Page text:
Cordon is not actually in Elk City. He is on “the other side of the tracks” and outside the district’s boundary. Cordon, though, hastens to point out that John Bullock charged him no rent all of last year and has only recently begun to do so. It is less than $500 a month, he said.
“I don’t pay attention to none of that,” Cordon said. “I think my food will speak for itself. People will come. We’ll put security cameras out there. I’ll be doing some smoking, I’ll be out there at night. ... I don’t worry about what people say. I’m a Black man and this is America.
“I’ve been told I can’t do this and I can’t do that all my life. I’m not discouraged by any of that.”
Tighe Bullock said Cordon should be ready to open soon. He said he spent part of Monday helping Cordon satisfy fire department regulations.
“Cameron has been great,” Tighe Bullock said. “Every time he comes to a problem, he just takes it on the chin and keeps going. I’ve never heard him complain or act like anybody ever owed him anything. With every situation, it’s more like, ‘OK, what do we do next?’ ”
Monday afternoon caught Cordon and friends Billy Dyess, 55; Scott Lanham, 56; and King continuing to work on Phat Daddy’s. Dyess and Cordon fretted over the soaring price of wholesale food. Cordon offered that he bought a brisket — the chest of a cow — last year for $60. They are up to $92 now, he said. Dyess said chicken wing prices are out of this world.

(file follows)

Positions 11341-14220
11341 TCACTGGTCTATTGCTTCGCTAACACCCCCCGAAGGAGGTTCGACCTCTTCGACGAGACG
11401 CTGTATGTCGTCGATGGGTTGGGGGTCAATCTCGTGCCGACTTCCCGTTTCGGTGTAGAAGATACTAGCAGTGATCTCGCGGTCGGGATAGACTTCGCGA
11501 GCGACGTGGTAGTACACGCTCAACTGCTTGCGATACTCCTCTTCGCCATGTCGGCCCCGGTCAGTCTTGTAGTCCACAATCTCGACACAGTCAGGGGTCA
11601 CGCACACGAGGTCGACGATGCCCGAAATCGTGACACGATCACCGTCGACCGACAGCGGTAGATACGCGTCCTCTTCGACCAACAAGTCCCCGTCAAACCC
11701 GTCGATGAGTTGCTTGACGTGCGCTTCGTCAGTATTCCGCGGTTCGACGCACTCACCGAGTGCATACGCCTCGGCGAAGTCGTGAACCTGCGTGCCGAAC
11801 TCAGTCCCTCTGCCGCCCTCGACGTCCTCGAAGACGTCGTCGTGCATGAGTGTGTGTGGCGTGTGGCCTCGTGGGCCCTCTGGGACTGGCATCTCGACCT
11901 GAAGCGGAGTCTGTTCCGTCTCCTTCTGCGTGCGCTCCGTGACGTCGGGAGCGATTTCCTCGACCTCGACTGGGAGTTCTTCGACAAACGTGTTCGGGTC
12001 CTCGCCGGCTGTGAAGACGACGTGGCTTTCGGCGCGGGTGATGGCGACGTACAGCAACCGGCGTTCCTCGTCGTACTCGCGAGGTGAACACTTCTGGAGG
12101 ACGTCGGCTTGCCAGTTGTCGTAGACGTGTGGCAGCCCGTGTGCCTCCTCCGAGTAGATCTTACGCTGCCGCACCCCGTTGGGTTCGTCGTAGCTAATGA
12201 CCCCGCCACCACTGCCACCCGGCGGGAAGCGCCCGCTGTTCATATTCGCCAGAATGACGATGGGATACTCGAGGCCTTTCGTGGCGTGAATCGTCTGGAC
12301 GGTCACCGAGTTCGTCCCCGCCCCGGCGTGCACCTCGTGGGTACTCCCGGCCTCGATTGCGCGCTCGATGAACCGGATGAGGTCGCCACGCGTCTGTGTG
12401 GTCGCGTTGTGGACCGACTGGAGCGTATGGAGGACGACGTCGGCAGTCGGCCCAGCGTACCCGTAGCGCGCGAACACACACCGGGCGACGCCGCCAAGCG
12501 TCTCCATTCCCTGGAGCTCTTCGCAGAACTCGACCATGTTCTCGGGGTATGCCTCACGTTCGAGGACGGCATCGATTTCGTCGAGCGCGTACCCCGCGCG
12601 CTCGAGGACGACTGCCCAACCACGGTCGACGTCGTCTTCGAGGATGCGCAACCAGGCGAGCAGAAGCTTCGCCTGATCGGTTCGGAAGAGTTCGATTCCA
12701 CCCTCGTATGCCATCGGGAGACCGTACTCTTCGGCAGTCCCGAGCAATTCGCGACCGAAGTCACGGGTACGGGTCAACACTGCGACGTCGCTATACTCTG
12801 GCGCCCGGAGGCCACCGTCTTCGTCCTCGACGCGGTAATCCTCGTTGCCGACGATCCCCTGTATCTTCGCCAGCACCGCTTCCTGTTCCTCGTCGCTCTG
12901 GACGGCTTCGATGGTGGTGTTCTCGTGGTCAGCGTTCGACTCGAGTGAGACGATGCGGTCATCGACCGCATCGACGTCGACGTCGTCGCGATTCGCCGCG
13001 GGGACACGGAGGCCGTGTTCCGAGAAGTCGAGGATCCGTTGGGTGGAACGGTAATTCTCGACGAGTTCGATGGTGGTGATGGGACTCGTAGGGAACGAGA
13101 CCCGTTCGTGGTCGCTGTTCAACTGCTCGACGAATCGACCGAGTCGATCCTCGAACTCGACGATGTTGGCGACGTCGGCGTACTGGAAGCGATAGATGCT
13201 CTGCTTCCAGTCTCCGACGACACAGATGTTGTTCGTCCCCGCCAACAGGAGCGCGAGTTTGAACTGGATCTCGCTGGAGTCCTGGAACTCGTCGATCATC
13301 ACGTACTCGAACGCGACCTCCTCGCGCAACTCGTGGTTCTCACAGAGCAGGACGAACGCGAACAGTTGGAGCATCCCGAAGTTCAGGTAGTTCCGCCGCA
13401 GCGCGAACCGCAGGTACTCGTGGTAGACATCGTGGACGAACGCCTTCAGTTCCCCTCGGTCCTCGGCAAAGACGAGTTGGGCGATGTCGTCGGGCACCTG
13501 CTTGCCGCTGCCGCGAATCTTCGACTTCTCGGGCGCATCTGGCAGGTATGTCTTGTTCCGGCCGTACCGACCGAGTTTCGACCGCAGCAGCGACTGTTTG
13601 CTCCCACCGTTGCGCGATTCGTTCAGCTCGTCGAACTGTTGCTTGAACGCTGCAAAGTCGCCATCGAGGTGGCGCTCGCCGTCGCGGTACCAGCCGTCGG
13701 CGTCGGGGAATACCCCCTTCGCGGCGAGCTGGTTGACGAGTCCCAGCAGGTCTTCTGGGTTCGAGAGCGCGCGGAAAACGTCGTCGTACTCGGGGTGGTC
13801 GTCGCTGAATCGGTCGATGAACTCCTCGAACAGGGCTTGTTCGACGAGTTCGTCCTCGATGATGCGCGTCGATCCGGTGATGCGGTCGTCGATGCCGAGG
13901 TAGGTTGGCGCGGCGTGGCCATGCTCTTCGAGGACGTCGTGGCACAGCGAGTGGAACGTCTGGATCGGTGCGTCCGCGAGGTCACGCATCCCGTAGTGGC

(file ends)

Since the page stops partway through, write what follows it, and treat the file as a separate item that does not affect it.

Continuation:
Dyess and Lanham are helping Cordon with electrical, plumbing and carpentry needs. Are they working for free?
“Aw, hell no!” Cordon said, laughing. “But they’re doing it for a lot less than someone else would.”
Mavery Davis, 37, lives in one of Tighe Bullock’s apartments above Kinship Goods and Vandalia Donuts. He and the younger Bullock once were adversaries. At a Charleston Urban Renewal Authority meeting five years ago, Davis, who is Black, took issue with Bullock getting granted taxpayer money to finance residential and commercial ventures that only certain West Side residents could afford.
“I didn’t think it was an appropriate investment for people that live on the West Side of Charleston,” Davis said. “It’s no slight against Tighe. He was doing what he was supposed to be doing as a businessman. I would have appreciated from [the authority] some acknowledgment that rents are not affordable.”
Bullock said his rents are about $1-a-square-foot-per-month.
Since then, the two have become friends, and Davis has gotten involved in revitalization efforts himself. Through his position as an officer in the national organization Seed Commons, which possesses a $30 million business capital loan fund, he is trying to obtain a sizable loan for Cordon. Business owners who accept a loan from Seed Commons only pay the debt back once they are turning a profit.
The idea, Davis said, is to develop not merely for profit but to improve the whole West Side, not only Elk City. The Bullocks have become more sensitive to that cause, Davis said, with Phat Daddy’s an example.
“The success of Phat Daddy’s literally means that the potential future success of other businesses is just right around the corner,” Davis said. “We can’t fix everything, but we can take a specific situation and do our best to develop Phat Daddy’s. Their success will allow us to pivot to help other developments and better include minorities and others on the lower end of the economic spectrum.”